Relying on FMC, the Board rejected Covidien’s distinctions between IPRs and civil litigation. The Board noted that IPRs are adversarial proceedings between two parties decided by an impartial adjudicator, the Board. The Board also likened the discovery rules and procedures of IPRs with those in civil litigation, and noted that final decisions by the Board created issue estoppel. Additionally, the Board noted that the Federal Circuit had previously held that interference proceedings can be characterized as a lawsuit when determining whether sovereign immunity can be applied in Vas-Cath, Inc. v. Curators of University of Missouri, 473 F.3d 1376 (Fed. Cir. 2007). Thus, the Board held that the similarities between civil litigation and IPR proceedings were sufficient to implicate the sovereign immunity defense in IPR actions under FMC.

The Board also rejected Covidien’s argument that allowing the sovereign immunity defense to be asserted in an IPR thwarted their purpose, countering that no evidence was put forth to support the intent of the AIA to abrogate sovereign immunity. The Board was similarly unpersuaded by Covidien’s argument that a State’s insulation from IPRs would give it an unfair advantage in district court actions, explaining that a State’s insulation from an available proceeding against it was precisely the point of the Eleventh Amendment.

After determining that the sovereign immunity defense may be asserted in IPR proceedings, the Board went on to find that the Foundation was an “arm of the State” under Manders. The Board considered four factors from Manders, including (1) how state law defined the Foundation, (2) what degree of control the State of Florida maintained over the Foundation; (3) where the Foundation derived it funds; and (4) who is responsible for judgments against the Foundation.   Reviewing the factual record, the Board found that each of these factors was satisfied because the Foundation performed the function of licensing of patents and collecting patent license royalties on behalf of the University of Florida and under its control.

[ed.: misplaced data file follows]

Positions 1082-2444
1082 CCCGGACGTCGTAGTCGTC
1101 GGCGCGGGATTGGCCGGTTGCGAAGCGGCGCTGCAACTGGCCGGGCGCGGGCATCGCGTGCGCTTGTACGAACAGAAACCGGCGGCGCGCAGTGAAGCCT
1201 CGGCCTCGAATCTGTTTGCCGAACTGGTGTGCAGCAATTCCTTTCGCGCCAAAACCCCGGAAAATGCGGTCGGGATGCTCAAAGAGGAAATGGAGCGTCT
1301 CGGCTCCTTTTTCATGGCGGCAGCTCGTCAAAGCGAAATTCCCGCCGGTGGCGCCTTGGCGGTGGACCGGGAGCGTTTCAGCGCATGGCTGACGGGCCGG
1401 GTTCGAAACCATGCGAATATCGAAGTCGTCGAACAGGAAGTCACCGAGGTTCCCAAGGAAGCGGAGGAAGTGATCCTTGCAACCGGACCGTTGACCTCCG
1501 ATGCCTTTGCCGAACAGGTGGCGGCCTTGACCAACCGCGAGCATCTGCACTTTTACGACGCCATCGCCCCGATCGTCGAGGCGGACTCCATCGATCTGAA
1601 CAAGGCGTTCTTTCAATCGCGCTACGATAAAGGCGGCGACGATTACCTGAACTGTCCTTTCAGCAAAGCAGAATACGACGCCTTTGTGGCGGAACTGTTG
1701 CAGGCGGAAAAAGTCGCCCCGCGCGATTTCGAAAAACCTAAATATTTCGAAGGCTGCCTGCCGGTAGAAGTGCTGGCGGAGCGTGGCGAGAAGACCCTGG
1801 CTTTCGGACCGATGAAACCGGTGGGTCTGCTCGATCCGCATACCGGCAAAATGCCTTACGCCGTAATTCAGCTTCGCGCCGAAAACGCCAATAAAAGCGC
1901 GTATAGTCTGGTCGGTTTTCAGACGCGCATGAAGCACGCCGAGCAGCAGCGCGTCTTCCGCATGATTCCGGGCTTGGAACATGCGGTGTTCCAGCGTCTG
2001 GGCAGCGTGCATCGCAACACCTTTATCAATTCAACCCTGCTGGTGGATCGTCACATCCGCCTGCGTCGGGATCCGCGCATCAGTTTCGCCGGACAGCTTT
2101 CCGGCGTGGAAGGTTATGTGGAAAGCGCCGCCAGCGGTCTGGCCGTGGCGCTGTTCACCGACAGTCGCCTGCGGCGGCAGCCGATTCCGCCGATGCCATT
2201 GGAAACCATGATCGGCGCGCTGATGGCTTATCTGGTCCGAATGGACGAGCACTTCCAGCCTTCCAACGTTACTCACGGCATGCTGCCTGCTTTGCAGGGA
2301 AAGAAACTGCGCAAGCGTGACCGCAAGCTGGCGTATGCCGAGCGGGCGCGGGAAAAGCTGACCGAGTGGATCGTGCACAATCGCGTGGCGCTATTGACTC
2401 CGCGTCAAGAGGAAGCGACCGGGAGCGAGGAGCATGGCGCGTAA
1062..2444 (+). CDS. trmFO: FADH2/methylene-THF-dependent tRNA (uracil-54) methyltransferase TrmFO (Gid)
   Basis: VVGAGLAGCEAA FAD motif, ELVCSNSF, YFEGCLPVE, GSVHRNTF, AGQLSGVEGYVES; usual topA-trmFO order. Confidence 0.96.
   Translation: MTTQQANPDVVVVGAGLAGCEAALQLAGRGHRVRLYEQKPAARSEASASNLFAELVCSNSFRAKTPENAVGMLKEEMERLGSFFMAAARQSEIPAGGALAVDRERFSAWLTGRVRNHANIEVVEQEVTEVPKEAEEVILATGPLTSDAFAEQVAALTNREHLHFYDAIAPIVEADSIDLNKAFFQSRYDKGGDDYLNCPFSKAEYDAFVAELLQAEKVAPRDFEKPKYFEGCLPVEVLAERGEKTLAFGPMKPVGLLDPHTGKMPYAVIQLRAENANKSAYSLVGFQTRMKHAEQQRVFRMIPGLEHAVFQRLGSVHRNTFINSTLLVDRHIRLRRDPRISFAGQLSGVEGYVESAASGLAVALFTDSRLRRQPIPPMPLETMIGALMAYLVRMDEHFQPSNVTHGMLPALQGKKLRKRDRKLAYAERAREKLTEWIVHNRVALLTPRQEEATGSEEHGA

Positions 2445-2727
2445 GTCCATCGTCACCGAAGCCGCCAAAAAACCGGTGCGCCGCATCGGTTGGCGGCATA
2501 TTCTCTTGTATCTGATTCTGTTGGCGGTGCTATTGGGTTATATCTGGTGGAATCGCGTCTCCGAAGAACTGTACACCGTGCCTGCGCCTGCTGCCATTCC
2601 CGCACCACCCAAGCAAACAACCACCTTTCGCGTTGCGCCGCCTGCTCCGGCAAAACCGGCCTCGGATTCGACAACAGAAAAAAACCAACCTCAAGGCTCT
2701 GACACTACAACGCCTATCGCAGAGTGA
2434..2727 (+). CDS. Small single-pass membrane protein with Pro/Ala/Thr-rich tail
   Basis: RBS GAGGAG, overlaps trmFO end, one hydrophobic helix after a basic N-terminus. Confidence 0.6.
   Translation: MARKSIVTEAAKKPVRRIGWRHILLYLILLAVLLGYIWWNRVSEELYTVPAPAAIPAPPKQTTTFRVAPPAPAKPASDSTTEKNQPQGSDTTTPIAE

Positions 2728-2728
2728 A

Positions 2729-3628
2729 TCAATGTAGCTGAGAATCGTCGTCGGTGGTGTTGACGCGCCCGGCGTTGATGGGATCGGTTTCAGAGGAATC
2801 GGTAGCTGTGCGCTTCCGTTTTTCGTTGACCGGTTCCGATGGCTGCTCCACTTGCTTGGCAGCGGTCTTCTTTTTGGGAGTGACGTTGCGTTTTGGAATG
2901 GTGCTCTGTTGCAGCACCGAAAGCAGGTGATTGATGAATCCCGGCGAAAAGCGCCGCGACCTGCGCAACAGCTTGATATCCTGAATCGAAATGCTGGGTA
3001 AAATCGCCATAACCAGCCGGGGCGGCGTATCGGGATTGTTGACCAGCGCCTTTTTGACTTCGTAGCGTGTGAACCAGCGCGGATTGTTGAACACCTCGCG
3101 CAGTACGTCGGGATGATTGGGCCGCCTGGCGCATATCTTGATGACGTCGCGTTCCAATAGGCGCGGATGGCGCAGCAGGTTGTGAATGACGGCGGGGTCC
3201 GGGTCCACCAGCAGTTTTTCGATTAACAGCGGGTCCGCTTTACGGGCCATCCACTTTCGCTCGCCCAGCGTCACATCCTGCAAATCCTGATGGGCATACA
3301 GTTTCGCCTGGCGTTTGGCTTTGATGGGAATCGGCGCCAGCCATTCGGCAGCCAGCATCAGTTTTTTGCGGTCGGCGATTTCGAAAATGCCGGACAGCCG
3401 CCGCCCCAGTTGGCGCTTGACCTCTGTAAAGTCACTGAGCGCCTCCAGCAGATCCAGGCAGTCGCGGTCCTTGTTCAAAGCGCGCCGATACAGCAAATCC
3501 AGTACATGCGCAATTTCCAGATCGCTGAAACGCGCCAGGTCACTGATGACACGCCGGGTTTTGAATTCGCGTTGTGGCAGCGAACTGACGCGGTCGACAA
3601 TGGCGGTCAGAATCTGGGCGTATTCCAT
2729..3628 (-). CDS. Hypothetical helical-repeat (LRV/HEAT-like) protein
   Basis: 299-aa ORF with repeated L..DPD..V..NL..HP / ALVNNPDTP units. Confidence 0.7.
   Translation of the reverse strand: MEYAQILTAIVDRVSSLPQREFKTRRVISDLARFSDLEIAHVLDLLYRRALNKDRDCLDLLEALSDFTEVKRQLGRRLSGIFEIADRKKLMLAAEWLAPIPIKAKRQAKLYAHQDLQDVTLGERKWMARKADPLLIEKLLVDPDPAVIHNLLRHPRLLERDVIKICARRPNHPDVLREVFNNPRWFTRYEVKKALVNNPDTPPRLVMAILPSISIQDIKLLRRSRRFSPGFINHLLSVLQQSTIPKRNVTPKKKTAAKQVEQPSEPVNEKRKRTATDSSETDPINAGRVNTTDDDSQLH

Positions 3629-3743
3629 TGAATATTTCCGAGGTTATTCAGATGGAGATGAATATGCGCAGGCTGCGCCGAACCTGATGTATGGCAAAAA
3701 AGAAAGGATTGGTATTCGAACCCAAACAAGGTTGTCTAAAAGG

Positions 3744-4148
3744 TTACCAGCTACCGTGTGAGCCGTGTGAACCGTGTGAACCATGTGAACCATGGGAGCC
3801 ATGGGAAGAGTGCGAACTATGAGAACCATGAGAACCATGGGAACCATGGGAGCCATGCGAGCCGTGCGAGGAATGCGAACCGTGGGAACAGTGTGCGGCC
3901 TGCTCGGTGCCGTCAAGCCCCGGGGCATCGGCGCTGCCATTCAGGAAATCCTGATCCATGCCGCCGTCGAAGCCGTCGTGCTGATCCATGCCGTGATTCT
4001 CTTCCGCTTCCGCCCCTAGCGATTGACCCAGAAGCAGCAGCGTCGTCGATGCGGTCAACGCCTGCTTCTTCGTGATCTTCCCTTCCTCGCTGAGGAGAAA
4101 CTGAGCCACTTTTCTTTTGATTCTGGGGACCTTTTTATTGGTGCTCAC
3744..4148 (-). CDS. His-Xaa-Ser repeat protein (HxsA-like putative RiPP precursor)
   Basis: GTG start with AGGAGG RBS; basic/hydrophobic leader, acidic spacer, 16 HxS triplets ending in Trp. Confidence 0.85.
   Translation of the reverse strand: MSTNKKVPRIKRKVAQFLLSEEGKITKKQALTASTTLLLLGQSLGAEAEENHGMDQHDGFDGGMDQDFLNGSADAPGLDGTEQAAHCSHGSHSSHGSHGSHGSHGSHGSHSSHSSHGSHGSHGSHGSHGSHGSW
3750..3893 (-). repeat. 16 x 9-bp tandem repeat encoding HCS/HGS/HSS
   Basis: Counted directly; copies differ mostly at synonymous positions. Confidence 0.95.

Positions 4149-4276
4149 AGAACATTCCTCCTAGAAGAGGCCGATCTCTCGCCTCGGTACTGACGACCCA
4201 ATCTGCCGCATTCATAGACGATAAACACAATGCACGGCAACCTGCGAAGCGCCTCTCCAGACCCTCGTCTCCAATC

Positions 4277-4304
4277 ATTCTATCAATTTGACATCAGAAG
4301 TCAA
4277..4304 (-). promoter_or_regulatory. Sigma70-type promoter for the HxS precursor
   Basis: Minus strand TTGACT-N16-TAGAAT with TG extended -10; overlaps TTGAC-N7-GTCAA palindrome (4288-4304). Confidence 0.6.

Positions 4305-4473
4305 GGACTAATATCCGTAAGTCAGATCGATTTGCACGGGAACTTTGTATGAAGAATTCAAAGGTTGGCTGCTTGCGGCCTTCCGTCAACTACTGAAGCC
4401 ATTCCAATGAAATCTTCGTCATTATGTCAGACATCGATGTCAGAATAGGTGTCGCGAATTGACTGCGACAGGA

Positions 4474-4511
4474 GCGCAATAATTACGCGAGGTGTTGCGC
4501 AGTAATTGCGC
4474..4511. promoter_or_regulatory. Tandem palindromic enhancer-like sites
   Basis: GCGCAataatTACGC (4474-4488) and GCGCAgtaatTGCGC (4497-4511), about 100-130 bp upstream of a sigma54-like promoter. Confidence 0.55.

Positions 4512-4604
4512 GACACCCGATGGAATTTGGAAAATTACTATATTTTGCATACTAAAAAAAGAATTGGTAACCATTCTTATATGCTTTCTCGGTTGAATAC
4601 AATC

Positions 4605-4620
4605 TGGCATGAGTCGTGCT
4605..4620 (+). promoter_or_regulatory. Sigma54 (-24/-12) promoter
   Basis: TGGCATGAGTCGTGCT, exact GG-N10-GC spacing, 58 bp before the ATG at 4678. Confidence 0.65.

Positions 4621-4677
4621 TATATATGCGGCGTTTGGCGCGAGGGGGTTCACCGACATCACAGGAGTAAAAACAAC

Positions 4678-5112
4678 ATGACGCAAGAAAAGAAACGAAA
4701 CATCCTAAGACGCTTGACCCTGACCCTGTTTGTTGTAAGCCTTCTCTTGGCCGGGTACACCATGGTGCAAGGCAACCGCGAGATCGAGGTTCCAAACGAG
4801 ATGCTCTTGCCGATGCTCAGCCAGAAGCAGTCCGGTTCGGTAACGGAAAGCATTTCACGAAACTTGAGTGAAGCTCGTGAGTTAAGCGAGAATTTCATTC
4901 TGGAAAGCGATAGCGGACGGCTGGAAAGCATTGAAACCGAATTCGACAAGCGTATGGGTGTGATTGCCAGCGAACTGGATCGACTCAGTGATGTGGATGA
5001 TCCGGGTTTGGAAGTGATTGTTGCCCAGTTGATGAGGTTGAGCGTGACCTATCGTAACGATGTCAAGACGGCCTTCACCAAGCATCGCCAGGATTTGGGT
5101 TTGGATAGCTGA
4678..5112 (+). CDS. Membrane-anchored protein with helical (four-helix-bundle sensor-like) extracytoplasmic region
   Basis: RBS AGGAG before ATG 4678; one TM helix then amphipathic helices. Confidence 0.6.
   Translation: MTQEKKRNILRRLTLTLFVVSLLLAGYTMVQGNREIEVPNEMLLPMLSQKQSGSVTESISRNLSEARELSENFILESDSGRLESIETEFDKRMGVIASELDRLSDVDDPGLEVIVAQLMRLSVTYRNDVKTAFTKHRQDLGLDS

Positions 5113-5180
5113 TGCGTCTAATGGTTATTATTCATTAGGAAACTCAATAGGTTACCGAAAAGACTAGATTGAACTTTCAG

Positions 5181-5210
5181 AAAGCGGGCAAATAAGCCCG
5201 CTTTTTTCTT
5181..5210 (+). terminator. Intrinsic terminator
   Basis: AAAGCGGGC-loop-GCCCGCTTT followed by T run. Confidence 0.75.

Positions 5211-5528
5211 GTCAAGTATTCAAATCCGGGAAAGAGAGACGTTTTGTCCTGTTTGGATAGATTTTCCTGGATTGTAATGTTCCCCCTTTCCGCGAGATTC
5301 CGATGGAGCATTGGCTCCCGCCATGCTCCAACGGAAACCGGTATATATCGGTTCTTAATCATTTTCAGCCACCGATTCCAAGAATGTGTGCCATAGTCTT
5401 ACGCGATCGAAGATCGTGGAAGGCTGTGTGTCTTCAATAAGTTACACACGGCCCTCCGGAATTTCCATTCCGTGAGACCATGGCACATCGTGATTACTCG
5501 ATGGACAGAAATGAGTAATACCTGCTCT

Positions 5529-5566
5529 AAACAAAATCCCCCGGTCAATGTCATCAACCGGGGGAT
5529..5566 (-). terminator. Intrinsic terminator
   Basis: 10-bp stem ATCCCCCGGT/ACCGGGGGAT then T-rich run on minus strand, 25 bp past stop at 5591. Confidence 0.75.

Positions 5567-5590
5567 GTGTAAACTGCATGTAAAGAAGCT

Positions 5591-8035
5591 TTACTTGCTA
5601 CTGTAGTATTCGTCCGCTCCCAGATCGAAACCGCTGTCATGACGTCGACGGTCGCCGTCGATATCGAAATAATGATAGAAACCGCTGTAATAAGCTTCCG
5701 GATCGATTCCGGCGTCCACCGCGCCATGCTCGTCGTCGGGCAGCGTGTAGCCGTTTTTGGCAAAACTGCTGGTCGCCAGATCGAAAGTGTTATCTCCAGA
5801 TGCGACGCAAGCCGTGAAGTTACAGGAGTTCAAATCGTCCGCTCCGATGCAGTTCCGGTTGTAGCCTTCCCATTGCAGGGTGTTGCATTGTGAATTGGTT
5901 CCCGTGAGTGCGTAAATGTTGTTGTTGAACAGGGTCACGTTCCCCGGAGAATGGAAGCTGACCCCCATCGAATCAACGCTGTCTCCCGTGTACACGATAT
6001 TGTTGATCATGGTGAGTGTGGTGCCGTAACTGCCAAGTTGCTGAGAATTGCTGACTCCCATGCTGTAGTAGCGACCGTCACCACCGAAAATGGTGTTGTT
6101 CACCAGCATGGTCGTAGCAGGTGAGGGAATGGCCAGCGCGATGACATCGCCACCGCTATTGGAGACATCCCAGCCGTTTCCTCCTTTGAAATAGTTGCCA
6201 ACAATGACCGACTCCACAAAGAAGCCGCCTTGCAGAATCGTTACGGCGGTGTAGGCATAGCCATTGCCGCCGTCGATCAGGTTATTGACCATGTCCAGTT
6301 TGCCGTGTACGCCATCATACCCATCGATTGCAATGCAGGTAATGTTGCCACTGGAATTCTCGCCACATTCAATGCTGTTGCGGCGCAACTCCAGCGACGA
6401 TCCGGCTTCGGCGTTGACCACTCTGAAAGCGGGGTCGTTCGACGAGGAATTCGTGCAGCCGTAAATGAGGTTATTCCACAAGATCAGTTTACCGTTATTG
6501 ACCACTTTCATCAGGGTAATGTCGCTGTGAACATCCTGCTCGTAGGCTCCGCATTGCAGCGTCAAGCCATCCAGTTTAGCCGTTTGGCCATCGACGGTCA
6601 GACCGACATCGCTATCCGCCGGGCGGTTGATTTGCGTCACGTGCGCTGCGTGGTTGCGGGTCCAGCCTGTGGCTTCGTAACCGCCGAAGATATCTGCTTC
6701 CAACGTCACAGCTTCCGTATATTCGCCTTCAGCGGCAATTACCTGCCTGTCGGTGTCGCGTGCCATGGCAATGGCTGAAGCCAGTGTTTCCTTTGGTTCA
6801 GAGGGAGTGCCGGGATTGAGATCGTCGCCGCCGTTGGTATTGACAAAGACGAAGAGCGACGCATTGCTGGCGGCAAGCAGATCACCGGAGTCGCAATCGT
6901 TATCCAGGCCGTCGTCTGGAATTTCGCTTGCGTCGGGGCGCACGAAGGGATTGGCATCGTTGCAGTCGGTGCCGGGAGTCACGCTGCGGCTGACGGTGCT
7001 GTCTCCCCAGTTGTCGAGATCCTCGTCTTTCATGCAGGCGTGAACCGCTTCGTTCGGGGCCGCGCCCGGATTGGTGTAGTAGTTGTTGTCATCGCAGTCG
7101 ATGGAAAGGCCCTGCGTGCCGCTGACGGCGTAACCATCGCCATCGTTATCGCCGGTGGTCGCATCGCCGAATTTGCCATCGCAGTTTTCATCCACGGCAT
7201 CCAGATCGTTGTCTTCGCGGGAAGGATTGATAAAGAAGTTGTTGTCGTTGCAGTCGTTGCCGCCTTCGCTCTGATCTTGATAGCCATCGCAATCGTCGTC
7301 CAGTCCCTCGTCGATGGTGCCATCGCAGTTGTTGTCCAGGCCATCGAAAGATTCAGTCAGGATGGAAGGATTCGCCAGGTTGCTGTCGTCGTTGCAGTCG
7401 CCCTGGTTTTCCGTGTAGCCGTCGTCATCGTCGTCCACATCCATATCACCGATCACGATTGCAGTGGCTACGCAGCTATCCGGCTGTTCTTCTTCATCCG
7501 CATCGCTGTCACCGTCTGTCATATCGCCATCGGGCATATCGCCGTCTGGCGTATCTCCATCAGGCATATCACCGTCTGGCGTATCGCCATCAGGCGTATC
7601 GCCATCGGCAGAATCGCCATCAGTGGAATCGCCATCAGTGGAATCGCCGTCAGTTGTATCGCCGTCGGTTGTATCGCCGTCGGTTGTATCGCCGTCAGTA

Thus, the Board upheld the Foundation’s sovereign immunity defense and dismissed the IPRs brought against it. Importantly, the Board held that the sovereign immunity defense was only available to a State that had not waived the defense. In a footnote the Board stated that it did not decide whether an infringement claim or declaratory judgment proceeding based on validity brought by a State in a related district court action would constitute a waiver of a State’s sovereign immunity defense. (No such waiver issues existed in Covidien, since the related district court action was based on a breach of license claim.) The Board’s footnote hints that a petitioner against a State might overcome the sovereign immunity defense by citing related infringement or validity actions brought by the State in district court as evidence of waiver. It remains to be seen whether the Federal Circuit will review the decision.